Grandmaster Lam, like most other great masters in the past who recorded the essence of their teachings, did not explain what “the principles” were. Why didn't he? It was because this foreword was not meant to be a self-taught manual for beginners. It was meant for his own students who had followed his teaching, theoretical and practical. Hence, the intended readers already knew what these principles were. This is an important fact many modern readers do not realize. It also explains why one must learn personally from a competent teacher if he wishes to have great results.

These principles the grandmaster mentioned concerned basic training. Basic training did not refer to combat application. It did not even refer to performing the Tiger-Crane Set in solo. It referred to stance training, footwork, body movement, breath control, being relaxed, being focused, and exploding force.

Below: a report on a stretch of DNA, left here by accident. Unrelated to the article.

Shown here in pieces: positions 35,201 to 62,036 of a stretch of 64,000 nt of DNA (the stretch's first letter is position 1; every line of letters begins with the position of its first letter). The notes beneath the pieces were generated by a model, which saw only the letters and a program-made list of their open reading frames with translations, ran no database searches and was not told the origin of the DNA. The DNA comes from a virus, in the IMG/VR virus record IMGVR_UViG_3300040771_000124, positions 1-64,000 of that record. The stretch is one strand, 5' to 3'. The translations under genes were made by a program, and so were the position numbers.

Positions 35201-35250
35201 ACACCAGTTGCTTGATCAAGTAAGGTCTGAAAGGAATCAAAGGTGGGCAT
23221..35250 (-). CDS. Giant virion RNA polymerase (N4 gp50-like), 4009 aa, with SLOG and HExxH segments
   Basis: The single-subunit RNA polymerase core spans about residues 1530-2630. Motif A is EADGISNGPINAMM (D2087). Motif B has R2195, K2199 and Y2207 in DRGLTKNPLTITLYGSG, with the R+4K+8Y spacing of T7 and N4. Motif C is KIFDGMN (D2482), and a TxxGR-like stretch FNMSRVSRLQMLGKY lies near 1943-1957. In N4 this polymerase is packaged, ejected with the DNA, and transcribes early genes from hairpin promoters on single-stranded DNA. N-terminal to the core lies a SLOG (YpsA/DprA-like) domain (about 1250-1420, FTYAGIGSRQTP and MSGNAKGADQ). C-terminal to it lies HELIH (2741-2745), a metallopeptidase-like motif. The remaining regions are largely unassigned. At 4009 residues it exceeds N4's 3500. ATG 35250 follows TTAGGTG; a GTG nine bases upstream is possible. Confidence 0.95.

The student should follow standard procedure in his basic training, which is another way of saying he should not attempt to be smarter than his teacher by introducing material his teacher did not teach him. Many modern students attempt to be smarter than their teacher, though they may not realize it. They bounce about like Boxers when their teacher teaches them to move in kungfu patterns; they lift weights when their teacher teaches them to develop force through stance training.

When a student has become proficient in his basics, he proceeds to practice the Tiger-Crane Set and its combat application with “right effort and energy”. If he practices irregularly, it is not the right effort. If he becomes tensed and aggressive in his practice, he is not using the right energy.

Only when he has become proficient in the Tiger-Crane Set and its combat application, which is explained in the text along with the patterns individually, though it is not shown in pictures, the student progresses to understand the various points you have mentioned.